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Saint-Germain-Nuelles, France

Engelhardt J.A.,Isis Pharmaceuticals | Fant P.,WIL Research Europe | Guionaud S.,MedImmune | Henry S.P.,Isis Pharmaceuticals | And 5 more authors.
Toxicologic Pathology | Year: 2015

Drug-induced vascular injury (DIVI) is a recurrent challenge in the development of novel pharmaceutical agents. In recent years, DIVI has been occasionally observed in nonhuman primates given RNA-targeting therapeutics such as antisense oligonucleotide therapies (ASOs) during chronic toxicity studies. While DIVI in laboratory animal species has been well characterized for vasoactive small molecules, and immune-mediated responses against large molecule biotherapeutics have been well described, there is little published information regarding DIVI induced by ASOs to date. Preclinical DIVI findings in monkeys have caused considerable delays in development of promising new ASO therapies, because of the uncertainty about whether DIVI in preclinical studies is predictive of effects in humans, and the lack of robust biomarkers of DIVI. This review of DIVI discusses clinical and microscopic features of vasculitis in monkeys, their pathogenic mechanisms, and points to consider for the toxicologist and pathologist when confronted with ASO-related DIVI. Relevant examples of regulatory feedback are included to provide insight into risk assessment of ASO therapies. © 2015 by The Author(s). Source


Frazier K.S.,Glaxosmithkline | Engelhardt J.A.,Isis Pharmaceuticals | Fant P.,WIL Research Europe | Guionaud S.,MedImmune | And 5 more authors.
Toxicologic Pathology | Year: 2015

Drug-induced vascular injury (DIVI) is a recurrent challenge in the development of novel pharmaceutical agents. Although DIVI in laboratory animal species has been well characterized for vasoactive small molecules, there is little available information regarding DIVI associated with biotherapeutics such as peptides/proteins or antibodies. Because of the uncertainty about whether DIVI in preclinical studies is predictive of effects in humans and the lack of robust biomarkers of DIVI, preclinical DIVI findings can cause considerable delays in or even halt development of promising new drugs. This review discusses standard terminology, characteristics, and mechanisms of DIVI associated with biotherapeutics. Guidance and points to consider for the toxicologist and pathologist facing preclinical cases of biotherapeutic-related DIVI are outlined, and examples of regulatory feedback for each of the mechanistic types of DIVI are included to provide insight into risk assessment. © 2015 by The Author(s). Source


Giorgi H.,WIL Research Europe | Ammerman J.,MPI Research | Briffaux J.-P.,WIL Research Europe | Fretellier N.,Guerbet Group | And 2 more authors.
Regulatory Toxicology and Pharmacology | Year: 2015

The purpose of this study was to assess the safety of gadoterate meglumine, a gadolinium-based contrast agent used in magnetic resonance imaging, in neonatal and juvenile rats. Rats received a single intravenous administration on postnatal day (PND) 10 or 6 administrations (from PND 10 to 30), at doses of 0, 0.6, 1.25, and 2.5 mmol/kg/administration, i.e. equivalent to approximately 1, 2 and 4-times the usual human dose. The animals were sacrificed at the end of the treatment period or after a 60-day treatment-free period. No mortality and no significant treatment-related effect on clinical signs, macroscopic and histopathological findings, development, behavior, sexual maturation and hematology parameters were observed. Minor non-adverse changes were observed in clinical biochemistry and urinary parameters. Based on AUC0-t, gadoterate meglumine was more rapidly eliminated at PND 30 vs. PND 10, reflecting maturation of kidney function. At the end of the treatment period, Gd was measurable in all organs sampled after single or repeated dosing and levels were dose-dependent as expected, the highest ones being found in kidneys. The total Gd concentrations were similar in all the organs following a single or repeated dosing. At the end of the treatment-free period, only traces of gadolinium were quantifiable, almost exclusively in kidneys, reflecting the excretory function of this organ. In conclusion, single or repeated administration of gadoterate meglumine to juvenile rats was well tolerated. © 2015 Elsevier Inc. Source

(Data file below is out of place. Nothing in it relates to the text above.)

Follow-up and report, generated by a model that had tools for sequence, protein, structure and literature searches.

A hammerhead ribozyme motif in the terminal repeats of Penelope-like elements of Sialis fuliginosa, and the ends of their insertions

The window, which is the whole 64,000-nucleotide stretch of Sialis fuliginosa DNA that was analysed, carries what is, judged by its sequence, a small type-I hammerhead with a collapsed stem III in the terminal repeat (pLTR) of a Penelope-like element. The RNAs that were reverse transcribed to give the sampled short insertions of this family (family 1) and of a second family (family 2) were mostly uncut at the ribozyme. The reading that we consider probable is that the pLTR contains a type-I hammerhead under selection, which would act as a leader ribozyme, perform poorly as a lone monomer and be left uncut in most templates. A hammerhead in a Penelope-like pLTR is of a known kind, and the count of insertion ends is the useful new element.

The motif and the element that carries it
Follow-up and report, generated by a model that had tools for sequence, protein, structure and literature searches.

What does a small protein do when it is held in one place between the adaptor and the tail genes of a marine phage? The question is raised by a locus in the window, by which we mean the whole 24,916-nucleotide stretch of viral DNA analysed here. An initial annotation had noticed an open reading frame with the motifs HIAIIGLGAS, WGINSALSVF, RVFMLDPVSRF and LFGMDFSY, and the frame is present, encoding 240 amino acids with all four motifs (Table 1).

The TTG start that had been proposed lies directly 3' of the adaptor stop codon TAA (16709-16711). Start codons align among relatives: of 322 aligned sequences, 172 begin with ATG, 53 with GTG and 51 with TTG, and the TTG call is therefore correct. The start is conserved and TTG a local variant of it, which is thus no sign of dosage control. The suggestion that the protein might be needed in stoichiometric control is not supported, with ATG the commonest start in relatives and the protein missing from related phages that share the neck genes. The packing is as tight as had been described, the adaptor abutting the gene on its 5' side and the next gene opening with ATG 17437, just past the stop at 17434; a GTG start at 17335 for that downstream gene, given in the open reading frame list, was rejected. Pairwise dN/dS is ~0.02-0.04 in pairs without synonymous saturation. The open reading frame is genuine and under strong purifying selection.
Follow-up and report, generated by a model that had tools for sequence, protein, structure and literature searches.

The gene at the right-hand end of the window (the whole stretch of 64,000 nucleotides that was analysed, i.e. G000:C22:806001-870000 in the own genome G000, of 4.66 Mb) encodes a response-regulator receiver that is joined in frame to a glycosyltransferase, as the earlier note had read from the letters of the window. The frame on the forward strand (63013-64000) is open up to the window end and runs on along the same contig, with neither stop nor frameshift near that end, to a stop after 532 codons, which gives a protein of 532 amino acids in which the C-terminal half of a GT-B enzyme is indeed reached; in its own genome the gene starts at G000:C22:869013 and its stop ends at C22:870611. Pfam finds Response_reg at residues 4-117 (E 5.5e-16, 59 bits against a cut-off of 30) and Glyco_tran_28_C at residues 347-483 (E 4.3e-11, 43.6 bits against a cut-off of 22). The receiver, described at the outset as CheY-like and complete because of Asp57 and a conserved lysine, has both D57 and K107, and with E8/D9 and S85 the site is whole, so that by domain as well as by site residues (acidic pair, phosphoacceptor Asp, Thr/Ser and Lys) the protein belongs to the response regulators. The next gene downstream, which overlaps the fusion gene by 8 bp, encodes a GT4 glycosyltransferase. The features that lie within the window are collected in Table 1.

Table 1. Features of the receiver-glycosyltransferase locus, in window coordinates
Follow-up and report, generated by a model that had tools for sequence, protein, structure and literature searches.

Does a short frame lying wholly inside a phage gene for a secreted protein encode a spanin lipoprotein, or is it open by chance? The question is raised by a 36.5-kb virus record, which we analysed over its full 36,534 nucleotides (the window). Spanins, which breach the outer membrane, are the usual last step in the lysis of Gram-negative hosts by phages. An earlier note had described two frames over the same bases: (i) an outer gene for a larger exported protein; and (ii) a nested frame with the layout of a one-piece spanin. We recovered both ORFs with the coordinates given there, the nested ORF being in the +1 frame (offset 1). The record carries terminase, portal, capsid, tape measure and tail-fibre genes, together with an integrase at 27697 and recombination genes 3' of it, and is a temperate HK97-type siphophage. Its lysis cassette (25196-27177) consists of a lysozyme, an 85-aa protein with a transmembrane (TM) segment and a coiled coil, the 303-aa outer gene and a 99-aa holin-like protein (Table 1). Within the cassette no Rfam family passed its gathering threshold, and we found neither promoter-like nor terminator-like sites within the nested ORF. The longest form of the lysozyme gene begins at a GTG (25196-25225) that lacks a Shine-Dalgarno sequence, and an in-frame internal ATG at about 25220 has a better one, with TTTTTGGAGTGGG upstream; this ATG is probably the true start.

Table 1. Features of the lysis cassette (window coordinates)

Coulet M.,Nestle | Phothirath P.,Nestle | Allais L.,WIL Research Europe | Schilter B.,Nestle
Regulatory Toxicology and Pharmacology | Year: 2014

In order to match the composition of human breast milk more closely, it is now possible to supplement commercial infant formula (IF) with synthesised oligosaccharides that are chemically identical to human milk oligosaccharides. The safety data generated on a new human-identical milk oligosaccharide (HiMO), 2'. O-Fucosyllactose (2'FL), are presented. Standard in vitro genotoxicity tests were performed. To investigate the toxicological profile in a model representative of the intended target population, 2'FL was administered via gavage in a juvenile adapted sub-chronic rat study at dose levels of 0, 2000, 5000 and 6000. mg/kg. bw/day. Fructooligosaccharide (FOS), currently acknowledged as safe and approved for use in IF, was used as a reference high-dose control at 6000. mg/kg. bw/day. 2'FL was non-mutagenic in the in vitro assays. Oral administration up to 5000. mg/kg. bw/day to rats over 90. days was not associated with any adverse effects based on clinical observations, body weight gain, food consumption, ophthalmoscopy, clinical pathology, organ weights and histopathology findings. Based on this 90-day study, a No Observed Adverse Effect Level (NOAEL) of 5000. mg/kg. bw/day for both male and female rats was established for 2'FL. These findings support the safety of synthetic 2'FL for possible use in infant food. © 2013 Elsevier Inc. Source

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